Districts and regions and boards and commissions are closing down, replaced by smaller, leaner organizations, with the promise of greater transparency and stronger relatedness to the local church. The World War II generation, profoundly motivated by loyalty, is giving way to a generation that may well be less generous, but is also more skeptical.
Stewardship efforts will need to keep all this in mind as the work of the church is transformed by these trends. Local treasurers have known it for some time; maybe they could, um, ask them about it, no?

Jeff Gill is a writer, storyteller, and supply preacher around central Ohio; he was only church treasurer once, and prays nightly this cup will never pass his way again! Tell him your story at

Tuesday, June 13, 2006

Notes From My Knapsack 6-18-06
Jeff Gill

Crossing the Border

Ken Salazar speaks fluent Spanish. He lives and works in Colorado, but his family is from the south. Not Mexico, though. . .
New Mexico, actually, where his ancestors were among the founders of Santa Fe four centuries ago. His lineage does go back to south of the Rio Grande, but before there was a Mexico, so he jokes before audiences about whether or not he can really claim the label "Mexican-American" many put on him. Salazar goes on to point out that his family never crossed the border, but the border crossed them.
As a United States Senator, he has this conversation often. The first Hispanic elected outside New Mexico to such office, the Democrat is asked to help Anglo audiences in Colorado and around the US understand some of the challenges and intricacies of the immigration issue.
No one, from Salazar on down, doubts that ten million plus illegal immigrants over the last decade from Mexico represents a unique problem that has to be addressed. What can be lost in the political furor over the southern border is that tens of millions of Spanish speaking Americans are already here, are US citizens from before the Gadsden Purchase, and that the Hispanic/Latino element of this country’s ethnic mix is vital and longstanding.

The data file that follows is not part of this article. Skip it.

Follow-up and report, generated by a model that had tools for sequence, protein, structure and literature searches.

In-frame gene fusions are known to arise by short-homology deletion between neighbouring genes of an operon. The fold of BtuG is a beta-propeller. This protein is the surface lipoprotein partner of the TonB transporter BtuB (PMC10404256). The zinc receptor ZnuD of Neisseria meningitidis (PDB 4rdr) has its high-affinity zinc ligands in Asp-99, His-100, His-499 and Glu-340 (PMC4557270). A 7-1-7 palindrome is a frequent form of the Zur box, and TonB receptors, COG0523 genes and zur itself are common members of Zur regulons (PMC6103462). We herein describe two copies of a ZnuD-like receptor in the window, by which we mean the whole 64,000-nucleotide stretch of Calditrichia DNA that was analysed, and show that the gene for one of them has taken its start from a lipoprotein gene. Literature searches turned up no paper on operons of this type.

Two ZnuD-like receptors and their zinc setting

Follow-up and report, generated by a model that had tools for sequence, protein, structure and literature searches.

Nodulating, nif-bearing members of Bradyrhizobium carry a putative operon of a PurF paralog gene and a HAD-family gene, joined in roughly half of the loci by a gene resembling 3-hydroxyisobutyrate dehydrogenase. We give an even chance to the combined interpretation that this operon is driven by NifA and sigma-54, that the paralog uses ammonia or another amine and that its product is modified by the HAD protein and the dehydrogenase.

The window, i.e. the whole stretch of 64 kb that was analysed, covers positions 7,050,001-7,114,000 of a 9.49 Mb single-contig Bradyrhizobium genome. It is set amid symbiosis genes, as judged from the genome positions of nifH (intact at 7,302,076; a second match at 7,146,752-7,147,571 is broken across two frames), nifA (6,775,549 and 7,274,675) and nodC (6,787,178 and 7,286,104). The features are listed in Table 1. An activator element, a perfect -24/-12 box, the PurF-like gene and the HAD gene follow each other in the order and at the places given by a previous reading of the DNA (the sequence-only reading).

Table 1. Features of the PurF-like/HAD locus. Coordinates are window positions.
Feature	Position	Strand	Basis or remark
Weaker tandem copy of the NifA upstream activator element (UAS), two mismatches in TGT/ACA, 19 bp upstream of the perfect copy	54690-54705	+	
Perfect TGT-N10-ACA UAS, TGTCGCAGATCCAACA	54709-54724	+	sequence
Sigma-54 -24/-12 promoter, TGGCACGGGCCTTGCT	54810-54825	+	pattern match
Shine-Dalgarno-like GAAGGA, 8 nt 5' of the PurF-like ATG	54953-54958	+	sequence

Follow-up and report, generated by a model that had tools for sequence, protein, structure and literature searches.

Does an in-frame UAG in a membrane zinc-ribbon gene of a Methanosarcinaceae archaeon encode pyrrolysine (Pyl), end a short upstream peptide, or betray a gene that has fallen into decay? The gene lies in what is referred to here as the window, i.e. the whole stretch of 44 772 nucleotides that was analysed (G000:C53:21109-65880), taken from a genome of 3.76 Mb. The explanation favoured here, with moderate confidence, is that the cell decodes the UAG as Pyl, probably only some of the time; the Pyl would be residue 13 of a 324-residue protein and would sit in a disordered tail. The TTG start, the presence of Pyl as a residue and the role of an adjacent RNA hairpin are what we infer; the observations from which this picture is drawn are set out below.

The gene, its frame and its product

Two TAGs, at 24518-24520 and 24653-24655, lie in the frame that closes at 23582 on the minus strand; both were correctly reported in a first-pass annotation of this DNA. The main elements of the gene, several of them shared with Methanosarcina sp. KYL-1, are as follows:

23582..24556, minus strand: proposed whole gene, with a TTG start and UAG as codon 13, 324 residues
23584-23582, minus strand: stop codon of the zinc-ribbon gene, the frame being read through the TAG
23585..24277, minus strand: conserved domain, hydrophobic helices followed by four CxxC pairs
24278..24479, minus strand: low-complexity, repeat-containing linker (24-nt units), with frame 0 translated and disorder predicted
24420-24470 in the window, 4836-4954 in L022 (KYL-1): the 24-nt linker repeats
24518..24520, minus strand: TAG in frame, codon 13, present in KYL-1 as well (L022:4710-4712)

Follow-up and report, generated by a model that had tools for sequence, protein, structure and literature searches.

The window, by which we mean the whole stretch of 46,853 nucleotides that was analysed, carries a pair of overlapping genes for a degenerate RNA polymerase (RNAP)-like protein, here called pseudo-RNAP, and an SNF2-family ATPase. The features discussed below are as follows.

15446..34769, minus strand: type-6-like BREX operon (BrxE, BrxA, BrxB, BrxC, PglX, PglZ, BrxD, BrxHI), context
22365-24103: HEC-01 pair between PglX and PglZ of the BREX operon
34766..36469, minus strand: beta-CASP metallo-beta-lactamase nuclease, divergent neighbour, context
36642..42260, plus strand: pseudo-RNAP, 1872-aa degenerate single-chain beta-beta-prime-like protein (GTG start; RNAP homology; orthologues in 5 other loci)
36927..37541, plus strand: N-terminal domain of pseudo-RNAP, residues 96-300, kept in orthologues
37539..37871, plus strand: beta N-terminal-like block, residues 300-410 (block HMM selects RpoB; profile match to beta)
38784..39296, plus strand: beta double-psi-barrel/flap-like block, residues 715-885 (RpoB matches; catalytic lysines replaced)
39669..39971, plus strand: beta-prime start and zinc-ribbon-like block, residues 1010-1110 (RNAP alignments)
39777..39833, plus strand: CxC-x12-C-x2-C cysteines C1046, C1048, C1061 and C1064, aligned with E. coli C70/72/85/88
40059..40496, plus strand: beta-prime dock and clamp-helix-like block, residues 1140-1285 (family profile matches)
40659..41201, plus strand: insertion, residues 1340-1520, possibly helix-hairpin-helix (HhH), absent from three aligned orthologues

We may not get Ken Salazar to speak in Licking County anytime soon, but a new novel can help you get some perspective on how Latino is not new piece in the national fabric, but one of our oldest stripes of color in the flag.
"The Night Journal," by Elizabeth Crook, is a fictional story about made up people, but set in actual places you can visit, like Pecos Pueblo southeast of Santa Fe, New Mexico, and Las Vegas. Nope, not that one, but a quieter and much, much older one on the eastern edge of the Rockies, where the Sangre de Cristo range starts to rise to the north.
Crook has clearly done her research on New Mexican, Mexican, Mormon, and general American history, weaving them together with a tale of settlers and railroads and a briefly glimpsed appearance by Paul Harvey. Nope, not that one, but the fellow who a century and more ago, opened up the southwest to the first tourism boom. If you’ve traveled in the Grand Canyon area, you may have run into the name still used for hotel and restaurant management.
This book is a richly detailed story about people set nearly today (in the 1980’s) and also a hundred years back, with windows through those characters another generation before and more. If you have read A. S. Byatt’s "Possession," this is constructed similarly, with letters and diary entries believably created to tell earlier stories, with ghostly scenes written by a narrative perspective quietly omniscient but selectively revealing.
Generally, I keep my book reviewing to stuff that’s out in paperback for ease of access, but with the immigration debate flaring around us, and our local libraries mostly carrying Crook’s newest book, this was a recommendation I didn’t want to delay in making. Find a copy however you wish, or remember it until the cheaper version comes out, but I can heartily endorse putting "The Night Journal" on the top of your reading pile.

Jeff Gill is a writer, storyteller, and supply preacher around central Ohio; tell him about your immigrant ancestors through